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Kosovo is a small country but it also has a lot of riches that were granted to us by God.
It depends on the situation. I mean, on one hand there's the argument that people should be left alone on the other hand, there's the argument to wade in a stop slaughters in places like Bosnia and Kosovo and what we probably should have done in Rwanda.
By very conservative estimates, Turkish repression of Kurds in the 1990s falls in the category of Kosovo. It peaked in the early 1990s; one index is the flight of more than a million Kurds from the countryside to the unofficial Kurdish capital, Diyarbakir, from 1990 to 1994, as the Turkish army was devastating the countryside.
In Kosovo, the U.S. has chosen a course of action that escalates atrocities and violence. It is also a course of action that strikes a blow against the regime of international order, but which offers the weak at least some protection from predatory states.
I want to emphasize the fact that the independence of Kosovo should and will be recognized.
I literally touched down in Kosovo and the president, prime minister and mayor were waiting for me to get off the plane. Apparently that's unheard of. They don't wait for nobody.
So as far as Serbia is concerned, it does not have the right to influence the privatization or to claim any property, because Kosovo is a former member of the Federal Republic of Yugoslavia.
I've taken clowns into the war in Bosnia, the refugee camps of Kosovo, and none of those are any more important than clowning in a subway or an elevator or just walking down the street.
I believe that ultimately the situation in Kosovo can only be resolved through self-determination.
The Kosovars were granted autonomy at the end of World War II, but then aspiring president Milosevic had the autonomy revoked in 1989, and the Dayton Accords of 1995, which ended the recent war in Bosnia and Croatia, failed to address the issue of Kosovo's status.
Kosovo today is closer to Europe than other countries in the region of South Eastern Europe.
My vision is to have an independent Kosovo, democratic, with a politically tolerant society and with a solid economy, integrated into the EU, the NATO and to continue with our good relations with the USA.
The different Ministries have to work more on the promotion of the country, to build Kosovo's public image. Concrete projects must be assembled, in order to activate our businessmen to have more contacts. We have to create a positive image about ourselves.
We have the EURO as a currency, which means a lot. It has not just stabilized the situation in Kosovo politically and economically, but also facilitated the direct contact that we have with Europe.
A final and long-lasting solution to the Kosovo issue cannot be achieved without an agreement with Serbia, especially in regard to the U.N.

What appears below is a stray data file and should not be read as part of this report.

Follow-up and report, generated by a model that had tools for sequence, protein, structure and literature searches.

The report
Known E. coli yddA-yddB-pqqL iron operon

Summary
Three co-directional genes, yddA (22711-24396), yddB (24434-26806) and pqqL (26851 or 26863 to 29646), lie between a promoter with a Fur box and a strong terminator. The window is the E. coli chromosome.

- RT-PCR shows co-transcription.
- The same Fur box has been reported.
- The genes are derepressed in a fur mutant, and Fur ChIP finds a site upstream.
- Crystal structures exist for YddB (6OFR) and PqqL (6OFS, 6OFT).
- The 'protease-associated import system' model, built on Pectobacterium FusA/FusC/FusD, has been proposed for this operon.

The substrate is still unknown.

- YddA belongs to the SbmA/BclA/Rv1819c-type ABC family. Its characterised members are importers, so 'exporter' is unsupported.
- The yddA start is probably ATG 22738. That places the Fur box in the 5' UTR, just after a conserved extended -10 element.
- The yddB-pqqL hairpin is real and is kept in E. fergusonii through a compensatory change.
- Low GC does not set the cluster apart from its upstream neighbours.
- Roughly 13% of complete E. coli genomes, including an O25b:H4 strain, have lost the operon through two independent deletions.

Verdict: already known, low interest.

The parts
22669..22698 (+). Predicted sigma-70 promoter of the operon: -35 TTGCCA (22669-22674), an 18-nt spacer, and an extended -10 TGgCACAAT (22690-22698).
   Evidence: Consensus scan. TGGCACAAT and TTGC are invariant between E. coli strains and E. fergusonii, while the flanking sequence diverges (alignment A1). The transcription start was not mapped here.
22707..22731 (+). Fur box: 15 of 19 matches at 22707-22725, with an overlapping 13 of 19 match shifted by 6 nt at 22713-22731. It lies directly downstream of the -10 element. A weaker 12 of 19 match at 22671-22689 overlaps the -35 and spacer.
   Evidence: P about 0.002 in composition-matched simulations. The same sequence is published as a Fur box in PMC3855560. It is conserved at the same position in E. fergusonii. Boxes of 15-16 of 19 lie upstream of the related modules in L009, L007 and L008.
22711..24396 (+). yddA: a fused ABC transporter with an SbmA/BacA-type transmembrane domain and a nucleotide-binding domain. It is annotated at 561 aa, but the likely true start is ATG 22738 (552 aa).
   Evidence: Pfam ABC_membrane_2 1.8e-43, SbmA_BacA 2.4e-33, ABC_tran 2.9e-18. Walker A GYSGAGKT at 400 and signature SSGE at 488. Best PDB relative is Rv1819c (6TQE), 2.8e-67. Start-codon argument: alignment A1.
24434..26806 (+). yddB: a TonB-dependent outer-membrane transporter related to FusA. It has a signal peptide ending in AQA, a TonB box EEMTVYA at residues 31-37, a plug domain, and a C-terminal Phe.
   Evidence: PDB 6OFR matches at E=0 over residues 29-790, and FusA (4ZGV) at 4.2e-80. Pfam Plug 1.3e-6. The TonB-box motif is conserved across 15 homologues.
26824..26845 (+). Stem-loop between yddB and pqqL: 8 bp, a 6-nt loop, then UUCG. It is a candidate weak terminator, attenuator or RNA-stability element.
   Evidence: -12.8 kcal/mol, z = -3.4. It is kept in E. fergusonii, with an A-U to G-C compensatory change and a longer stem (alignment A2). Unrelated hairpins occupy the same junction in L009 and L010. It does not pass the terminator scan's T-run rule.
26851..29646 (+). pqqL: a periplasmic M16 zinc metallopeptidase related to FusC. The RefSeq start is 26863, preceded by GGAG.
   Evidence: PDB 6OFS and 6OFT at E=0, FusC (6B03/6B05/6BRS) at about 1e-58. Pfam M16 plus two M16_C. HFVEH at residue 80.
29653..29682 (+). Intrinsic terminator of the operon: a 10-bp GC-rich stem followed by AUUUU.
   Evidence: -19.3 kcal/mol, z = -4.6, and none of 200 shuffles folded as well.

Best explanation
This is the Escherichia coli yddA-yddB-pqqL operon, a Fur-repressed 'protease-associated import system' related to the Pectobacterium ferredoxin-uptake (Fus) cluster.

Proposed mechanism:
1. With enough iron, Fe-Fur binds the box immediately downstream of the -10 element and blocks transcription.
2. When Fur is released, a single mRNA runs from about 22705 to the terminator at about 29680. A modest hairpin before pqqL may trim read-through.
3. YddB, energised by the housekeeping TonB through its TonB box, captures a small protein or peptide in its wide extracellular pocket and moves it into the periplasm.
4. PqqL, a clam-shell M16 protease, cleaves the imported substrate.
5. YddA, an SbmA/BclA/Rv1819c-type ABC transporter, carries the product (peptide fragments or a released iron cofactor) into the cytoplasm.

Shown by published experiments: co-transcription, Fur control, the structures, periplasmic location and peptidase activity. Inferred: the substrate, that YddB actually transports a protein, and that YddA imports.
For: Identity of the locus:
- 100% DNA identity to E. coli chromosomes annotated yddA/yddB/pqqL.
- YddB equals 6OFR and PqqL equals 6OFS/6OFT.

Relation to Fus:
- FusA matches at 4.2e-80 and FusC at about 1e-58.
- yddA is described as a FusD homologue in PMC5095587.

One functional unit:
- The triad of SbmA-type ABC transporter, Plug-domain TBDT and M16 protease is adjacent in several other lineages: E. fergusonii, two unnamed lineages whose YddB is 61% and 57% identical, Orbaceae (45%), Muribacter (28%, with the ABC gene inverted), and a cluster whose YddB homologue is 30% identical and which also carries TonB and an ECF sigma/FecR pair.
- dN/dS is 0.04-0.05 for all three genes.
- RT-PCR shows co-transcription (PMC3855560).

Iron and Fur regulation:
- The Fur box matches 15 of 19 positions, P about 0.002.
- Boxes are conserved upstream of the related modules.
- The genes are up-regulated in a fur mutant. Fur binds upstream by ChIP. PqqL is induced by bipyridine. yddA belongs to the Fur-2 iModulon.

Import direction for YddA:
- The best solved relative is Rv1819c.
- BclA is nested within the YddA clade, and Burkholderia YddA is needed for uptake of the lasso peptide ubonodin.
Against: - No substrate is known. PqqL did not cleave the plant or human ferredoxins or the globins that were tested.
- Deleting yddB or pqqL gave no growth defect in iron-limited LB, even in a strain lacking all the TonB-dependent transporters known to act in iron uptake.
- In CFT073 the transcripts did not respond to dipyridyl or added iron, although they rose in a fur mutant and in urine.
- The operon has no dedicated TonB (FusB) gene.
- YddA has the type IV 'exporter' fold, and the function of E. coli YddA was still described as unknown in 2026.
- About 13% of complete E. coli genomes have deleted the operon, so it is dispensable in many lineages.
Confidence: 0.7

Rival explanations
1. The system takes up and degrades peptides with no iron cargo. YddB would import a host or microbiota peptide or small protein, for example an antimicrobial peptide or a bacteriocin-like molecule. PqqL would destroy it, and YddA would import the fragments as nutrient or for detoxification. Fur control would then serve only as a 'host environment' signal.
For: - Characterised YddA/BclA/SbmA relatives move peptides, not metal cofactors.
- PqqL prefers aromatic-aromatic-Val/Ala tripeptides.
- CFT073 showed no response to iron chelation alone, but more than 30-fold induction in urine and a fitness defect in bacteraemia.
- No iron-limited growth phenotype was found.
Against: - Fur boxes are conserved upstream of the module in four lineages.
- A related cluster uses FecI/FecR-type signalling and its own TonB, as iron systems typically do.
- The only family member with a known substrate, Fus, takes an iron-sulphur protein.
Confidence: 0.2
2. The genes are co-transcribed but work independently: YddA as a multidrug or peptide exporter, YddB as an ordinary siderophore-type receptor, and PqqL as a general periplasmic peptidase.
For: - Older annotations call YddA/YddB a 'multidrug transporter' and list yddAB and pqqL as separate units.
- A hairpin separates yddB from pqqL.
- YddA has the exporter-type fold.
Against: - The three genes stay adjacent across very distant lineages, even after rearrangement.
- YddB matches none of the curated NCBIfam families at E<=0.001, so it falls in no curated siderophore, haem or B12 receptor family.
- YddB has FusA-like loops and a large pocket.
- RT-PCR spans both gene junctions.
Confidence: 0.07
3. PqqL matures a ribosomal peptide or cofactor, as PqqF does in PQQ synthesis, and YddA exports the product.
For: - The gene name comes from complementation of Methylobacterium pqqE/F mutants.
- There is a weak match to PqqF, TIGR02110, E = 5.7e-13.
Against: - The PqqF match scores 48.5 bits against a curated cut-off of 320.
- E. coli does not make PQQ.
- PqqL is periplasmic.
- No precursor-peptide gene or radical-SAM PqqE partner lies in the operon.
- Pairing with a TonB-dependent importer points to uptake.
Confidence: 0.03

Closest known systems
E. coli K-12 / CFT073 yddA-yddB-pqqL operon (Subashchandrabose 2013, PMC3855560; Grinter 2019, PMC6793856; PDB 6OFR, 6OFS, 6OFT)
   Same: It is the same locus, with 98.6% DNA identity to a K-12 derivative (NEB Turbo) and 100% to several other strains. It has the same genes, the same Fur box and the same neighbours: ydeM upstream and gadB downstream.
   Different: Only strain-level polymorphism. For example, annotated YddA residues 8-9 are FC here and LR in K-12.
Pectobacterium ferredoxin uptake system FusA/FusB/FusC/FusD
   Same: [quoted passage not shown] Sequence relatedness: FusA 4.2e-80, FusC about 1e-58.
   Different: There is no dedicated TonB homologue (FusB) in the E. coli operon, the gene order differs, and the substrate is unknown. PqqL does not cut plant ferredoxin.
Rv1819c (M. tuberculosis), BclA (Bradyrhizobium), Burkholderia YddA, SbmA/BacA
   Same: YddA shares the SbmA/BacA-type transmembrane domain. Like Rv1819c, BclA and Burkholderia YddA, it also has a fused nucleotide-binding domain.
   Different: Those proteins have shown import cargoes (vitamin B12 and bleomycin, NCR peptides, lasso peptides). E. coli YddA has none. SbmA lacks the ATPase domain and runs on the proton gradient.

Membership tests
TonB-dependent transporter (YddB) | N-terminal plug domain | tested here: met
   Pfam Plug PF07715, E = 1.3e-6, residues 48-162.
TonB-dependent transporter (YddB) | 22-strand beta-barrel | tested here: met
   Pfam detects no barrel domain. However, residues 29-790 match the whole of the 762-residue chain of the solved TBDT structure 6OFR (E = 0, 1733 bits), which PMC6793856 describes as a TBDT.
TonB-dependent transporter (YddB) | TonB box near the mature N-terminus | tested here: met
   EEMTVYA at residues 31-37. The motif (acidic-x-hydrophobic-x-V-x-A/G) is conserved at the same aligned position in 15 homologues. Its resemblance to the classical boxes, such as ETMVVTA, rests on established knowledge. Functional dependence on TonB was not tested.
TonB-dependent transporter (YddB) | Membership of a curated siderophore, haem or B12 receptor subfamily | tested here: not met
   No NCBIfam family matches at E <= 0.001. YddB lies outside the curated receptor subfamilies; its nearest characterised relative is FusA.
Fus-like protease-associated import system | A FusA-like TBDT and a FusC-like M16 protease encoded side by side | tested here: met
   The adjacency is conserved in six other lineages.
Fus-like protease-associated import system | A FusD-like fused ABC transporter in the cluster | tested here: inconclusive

I think it's appropriate for the international community in situations like this to intervene in Kosovo. I am in favor of an intervention. On some level, you have to say that at least somebody is doing something.
I tried to go to Kosovo to establish a statue to commemorate those who died during the wars, and to discuss moving on, so we could move into a new era. But I was banned from there.
The many questions about the bombing of Yugoslavia by the North Atlantic Treaty Organisation - meaning primarily the United States - come down to two fundamental issues: 'What are the accepted and applicable 'rules of world order,' and how do these apply in the case of Kosovo?'
Imagine a part of the U.S.A., from which the U.S.A. started - where is the cradle of your history? This is Kosovo for Serbia.
Desert Storm created the pattern for the American way of war that eventually prevailed in Kosovo. America learned from Vietnam that unilateral use of force eventually forfeits international legitimacy and domestic support. Desert Storm demonstrated the political necessity of coalition warfare.
The most important thing is that Milosevic agreed to sit at the negotiating table with the Kosovo Albanians.
All sorts of artillery installations, rockets and tank units that are firing on civilians in Kosovo should be neutralized. If that means air strikes, then NATO should carry out air strikes.
The ideal of all Kosovo is membership in the E.U. and a permanent friendship with the United States. I believe and I am convinced our dreams will come true.
Milosevic will never stop, because he is fighting for personal power in Serbia. The only way to stop him is cutting the functioning of his war machine. He is spending $1.7 million a day on his war machine in Kosovo.
As a Republican, I voted with President Clinton consistently in our efforts to bail out our European friends in Kosovo to stop genocide. I am proud of those votes. I am proud of President Clinton for that.
C. S. Lewis
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